[an error occurred while processing this directive]
BBC News
watch One-Minute World News
Last Updated: Friday, 27 July 2007, 15:37 GMT 16:37 UK
Jailed policeman accuses De Klerk
By Mohammed Allie
BBC News, Cape Town

Eugene de Kock
De Kock was jailed over the killing of anti-apartheid activists
An apartheid-era South African security police commander says ex-President FW de Klerk knew of gross human rights violations during his term of office.

Eugene de Kock, jailed for his role in killing anti-apartheid activists, made the accusation a day after Mr De Klerk said that his conscience was clear.

Talking from his prison cell to a radio station, he said the ex-president's hands were "soaked in blood".

De Kock said he was prepared to testify in court against Mr de Klerk.

Former South African President FW De Klerk
I have never myself approved murder or the random killing of anybody
FW de Klerk

He said Mr de Klerk's hands were "soaked in blood", and claimed he could list exact instances where the country's last white president gave the order for specific killings.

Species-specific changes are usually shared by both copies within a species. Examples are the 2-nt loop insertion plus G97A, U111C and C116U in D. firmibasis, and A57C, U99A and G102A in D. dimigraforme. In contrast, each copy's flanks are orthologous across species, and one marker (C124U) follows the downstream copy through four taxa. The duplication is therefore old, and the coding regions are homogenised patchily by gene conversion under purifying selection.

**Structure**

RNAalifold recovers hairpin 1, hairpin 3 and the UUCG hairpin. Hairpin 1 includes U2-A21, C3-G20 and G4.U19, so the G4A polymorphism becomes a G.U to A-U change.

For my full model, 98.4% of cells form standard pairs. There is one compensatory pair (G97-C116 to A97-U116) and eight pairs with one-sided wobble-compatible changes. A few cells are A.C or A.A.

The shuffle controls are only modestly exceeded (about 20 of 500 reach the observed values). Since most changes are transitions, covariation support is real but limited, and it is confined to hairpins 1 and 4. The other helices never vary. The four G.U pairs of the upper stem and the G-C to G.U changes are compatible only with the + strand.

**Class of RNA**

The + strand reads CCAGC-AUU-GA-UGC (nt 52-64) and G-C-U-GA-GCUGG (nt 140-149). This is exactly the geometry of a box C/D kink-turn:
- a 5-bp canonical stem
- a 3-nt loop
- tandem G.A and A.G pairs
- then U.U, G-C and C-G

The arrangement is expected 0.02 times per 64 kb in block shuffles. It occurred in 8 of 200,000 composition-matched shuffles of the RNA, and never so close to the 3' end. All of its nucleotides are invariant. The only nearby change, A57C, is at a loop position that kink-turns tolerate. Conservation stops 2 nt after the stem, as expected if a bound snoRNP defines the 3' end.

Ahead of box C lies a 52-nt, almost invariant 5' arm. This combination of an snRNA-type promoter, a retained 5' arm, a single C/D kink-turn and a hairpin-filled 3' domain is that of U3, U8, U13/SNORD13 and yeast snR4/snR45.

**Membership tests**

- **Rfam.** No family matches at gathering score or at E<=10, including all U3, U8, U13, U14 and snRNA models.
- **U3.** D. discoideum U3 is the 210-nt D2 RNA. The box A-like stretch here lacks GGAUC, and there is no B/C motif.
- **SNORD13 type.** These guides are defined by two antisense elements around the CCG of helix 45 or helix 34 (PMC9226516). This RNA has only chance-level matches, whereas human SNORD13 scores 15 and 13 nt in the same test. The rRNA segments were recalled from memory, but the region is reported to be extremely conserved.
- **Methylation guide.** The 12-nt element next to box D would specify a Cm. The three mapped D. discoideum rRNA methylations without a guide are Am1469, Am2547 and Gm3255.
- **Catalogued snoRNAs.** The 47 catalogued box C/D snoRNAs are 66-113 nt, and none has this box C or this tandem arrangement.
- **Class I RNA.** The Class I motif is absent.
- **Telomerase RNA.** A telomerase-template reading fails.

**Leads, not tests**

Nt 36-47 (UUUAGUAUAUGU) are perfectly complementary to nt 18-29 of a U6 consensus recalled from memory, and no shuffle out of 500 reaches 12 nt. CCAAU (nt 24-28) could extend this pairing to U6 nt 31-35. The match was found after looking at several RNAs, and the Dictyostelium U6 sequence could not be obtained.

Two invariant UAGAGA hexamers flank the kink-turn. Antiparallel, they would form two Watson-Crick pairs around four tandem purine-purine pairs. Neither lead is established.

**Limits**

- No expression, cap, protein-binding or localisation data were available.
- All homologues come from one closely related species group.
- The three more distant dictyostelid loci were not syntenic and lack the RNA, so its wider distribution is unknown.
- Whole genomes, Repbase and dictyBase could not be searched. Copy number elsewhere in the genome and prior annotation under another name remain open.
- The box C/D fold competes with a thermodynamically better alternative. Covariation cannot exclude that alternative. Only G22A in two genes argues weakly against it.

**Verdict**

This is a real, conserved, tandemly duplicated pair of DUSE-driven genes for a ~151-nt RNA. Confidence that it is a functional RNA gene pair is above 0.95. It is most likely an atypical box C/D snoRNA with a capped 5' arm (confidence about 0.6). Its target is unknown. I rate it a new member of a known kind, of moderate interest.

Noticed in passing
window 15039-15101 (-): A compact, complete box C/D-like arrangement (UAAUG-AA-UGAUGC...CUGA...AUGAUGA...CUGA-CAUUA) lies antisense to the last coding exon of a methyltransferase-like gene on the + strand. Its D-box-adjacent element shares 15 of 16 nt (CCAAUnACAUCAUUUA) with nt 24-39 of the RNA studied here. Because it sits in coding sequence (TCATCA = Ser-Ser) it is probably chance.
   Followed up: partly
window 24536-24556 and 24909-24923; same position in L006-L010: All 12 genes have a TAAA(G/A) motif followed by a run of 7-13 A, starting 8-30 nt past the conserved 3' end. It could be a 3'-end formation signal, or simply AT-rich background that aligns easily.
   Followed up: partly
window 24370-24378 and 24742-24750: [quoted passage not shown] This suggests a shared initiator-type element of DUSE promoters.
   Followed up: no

De Kock was nicknamed "Prime Evil" for his role in ordering the killing and maiming of dozens of anti-apartheid activists, often using very cruel methods. He is serving two life sentences in a maximum-security prison in Pretoria.

On Thursday, Mr de Klerk denied ever condoning the elimination of anti-apartheid activists or any other gross human rights violations during his term of office, which began in 1989 and ended in 1994 when Nelson Mandela became president.

'Clear conscience'

"I have not only a clear conscience, I am not guilty of any crime whatsoever," Mr de Klerk said while addressing the media in Cape Town.

"I have never myself approved murder or the random killing of anybody, or gross violations of human rights."

There has been speculation about Mr de Klerk's knowledge of human rights violations during his term of office since news first broke last week that his former Police Minister, Adriaan Vlok, would face charges relating to the poisoning of the then secretary general of the South African Council of Churches, Reverend Frank Chikane, in 1989.

Mr Vlok has admitted to approving the poisoning of the former church leader as well as other human rights violations.

He publicly sought forgiveness by washing Rev Chikane's feet in his office last year.

The BBC is not responsible for the content of external internet sites

Has China's housing bubble burst?
How the world's oldest clove tree defied an empire
Why Royal Ballet principal Sergei Polunin quit


Americas Africa Europe Middle East South Asia Asia Pacific